See the ball, hit the ball. It sounds simple enough, right?
Major League Baseball players tend to make this game look a lot easier than it actually is. There is a reason why hitting a big league pitch requires a skill set bequeathed to only the tiniest fraction of the
See the ball, hit the ball. It sounds simple enough, right?
Major League Baseball players tend to make this game look a lot easier than it actually is. There is a reason why hitting a big league pitch requires a skill set bequeathed to only the tiniest fraction of the world population. Hitting a pitch coming at a batter at 95 mph gives him less than a split second to decipher the pitch, decide what he wants to do with it, then swing or not. There's a reason why hitting is considered the toughest thing to do across all professional sports, given the precision, timing and judgment required, without the advantage of time to make decisions.
In this week's American League Central notebook, we answer the question: Who has the best batter's eye? Who is best at identifying pitches? Who can lay off the close 3-2 pitch and draw a walk? Who has the lowest chase rate?
Indians: Carlos Santana
At the Indians’ Tribe Fest event in January 2019, Santana took the stage in front of fans to answer a few questions about his game. One of the first he was asked was how he’s been able to develop one of the best set of eyes in baseball, and his answer was quite simple.
"I see the ball," Santana said. “If it’s a strike, it’s a strike. If it’s a ball, it’s a ball. … A lot of players, they ask me how. I say, ‘I don’t know.’ I mean, there are no secrets. I follow the ball. If it’s a strike, I’ll swing. If it’s not, no.”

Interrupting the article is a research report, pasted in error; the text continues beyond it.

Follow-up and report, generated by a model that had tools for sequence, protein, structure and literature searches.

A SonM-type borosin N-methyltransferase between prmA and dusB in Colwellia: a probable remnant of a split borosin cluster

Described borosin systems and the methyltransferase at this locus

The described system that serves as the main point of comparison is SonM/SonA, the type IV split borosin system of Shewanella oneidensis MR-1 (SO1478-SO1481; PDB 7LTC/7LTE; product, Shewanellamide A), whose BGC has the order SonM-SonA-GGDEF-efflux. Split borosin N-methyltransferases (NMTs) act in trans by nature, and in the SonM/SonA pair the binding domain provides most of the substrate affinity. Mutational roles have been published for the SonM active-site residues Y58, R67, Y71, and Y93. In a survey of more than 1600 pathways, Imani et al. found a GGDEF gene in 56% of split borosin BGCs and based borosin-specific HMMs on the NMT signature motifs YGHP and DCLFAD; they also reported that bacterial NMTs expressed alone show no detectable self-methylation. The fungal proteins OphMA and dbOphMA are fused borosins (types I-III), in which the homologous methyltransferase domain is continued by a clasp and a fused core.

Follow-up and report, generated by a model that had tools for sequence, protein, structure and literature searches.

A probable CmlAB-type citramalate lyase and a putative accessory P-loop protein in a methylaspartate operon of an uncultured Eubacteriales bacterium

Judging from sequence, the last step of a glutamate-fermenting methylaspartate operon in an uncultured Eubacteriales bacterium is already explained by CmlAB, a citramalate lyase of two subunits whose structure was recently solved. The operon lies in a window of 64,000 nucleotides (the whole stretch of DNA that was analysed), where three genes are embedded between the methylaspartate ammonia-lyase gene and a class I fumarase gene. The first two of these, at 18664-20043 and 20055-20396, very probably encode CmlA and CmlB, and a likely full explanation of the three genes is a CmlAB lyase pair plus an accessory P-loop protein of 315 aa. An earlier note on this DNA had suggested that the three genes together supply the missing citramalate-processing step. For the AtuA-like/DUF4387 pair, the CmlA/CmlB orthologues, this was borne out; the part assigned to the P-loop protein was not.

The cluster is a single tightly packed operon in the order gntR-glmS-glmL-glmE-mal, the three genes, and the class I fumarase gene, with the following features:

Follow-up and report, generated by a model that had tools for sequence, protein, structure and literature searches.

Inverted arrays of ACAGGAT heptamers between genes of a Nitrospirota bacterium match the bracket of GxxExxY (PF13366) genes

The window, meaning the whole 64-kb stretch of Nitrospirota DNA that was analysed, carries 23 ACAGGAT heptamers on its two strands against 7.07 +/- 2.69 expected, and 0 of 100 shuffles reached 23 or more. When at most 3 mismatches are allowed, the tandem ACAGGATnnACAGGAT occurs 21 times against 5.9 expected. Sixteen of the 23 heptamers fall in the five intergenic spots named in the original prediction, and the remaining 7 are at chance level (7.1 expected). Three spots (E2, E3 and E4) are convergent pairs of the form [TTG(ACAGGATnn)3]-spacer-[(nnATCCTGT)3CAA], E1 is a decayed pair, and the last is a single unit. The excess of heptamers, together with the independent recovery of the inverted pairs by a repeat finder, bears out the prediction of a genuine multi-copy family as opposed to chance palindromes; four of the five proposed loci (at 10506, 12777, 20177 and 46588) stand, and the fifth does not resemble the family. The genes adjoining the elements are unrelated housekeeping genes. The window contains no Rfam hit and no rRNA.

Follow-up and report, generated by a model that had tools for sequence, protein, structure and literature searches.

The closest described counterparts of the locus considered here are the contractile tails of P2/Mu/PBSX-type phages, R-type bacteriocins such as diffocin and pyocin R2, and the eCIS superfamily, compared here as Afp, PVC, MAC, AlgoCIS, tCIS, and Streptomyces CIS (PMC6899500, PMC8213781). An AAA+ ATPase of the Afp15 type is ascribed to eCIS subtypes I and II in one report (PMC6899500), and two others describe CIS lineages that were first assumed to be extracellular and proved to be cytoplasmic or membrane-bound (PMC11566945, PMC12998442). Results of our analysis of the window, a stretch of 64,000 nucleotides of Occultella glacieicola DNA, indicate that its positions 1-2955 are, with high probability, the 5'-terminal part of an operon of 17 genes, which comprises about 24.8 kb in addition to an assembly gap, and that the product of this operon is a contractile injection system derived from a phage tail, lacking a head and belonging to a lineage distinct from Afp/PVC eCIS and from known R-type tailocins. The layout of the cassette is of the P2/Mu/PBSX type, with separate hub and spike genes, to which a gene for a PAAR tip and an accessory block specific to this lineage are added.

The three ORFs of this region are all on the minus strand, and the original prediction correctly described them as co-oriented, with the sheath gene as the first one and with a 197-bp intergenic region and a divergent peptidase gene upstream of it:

In 1,274 games with the Indians, Santana has walked 834 times, which ranks third in club history behind Jim Thome (1,008) and Tris Speaker (857). Including his one year with the Phillies, Santana's 944 career walks are fourth most among active players. On the Tribe’s active roster, Santana has the lowest chase rate, or percentage of swings at pitches outside the strike zone. -- Mandy Bell
Royals: Jorge Soler
Who has the best batting eye on the Royals? None other than slugger Jorge Soler, who led the American League and set a franchise record with 48 homers in 2019.
Soler also led the Royals with 73 walks last season (only three were intentional) and while he struck out an AL-high 178 times, those punchouts come with the territory for power hitters in today’s game.
What’s unique about Soler is that he's selective. His chase rate on out-of-zone pitches in 2019, per Statcast, was 24%, well below the MLB average of 28.3%. One area the Royals wanted him to improve the past two seasons was attacking, and that is likely what led him to a career-high 49.9% hard-hit rate.
Interestingly, too, is that the Royals often feel that Soler is the victim of poor balls-and-strikes calls.
“No one knows the strike zone better than Jorge," former Royals manager Ned Yost said. "I can’t tell you how many times he will question a call, and then we go back and look at it on the video, and sure enough, Jorge was right -- the pitch was a ball. He has a great eye and feel for the strike zone.”
Soler's teammates agree.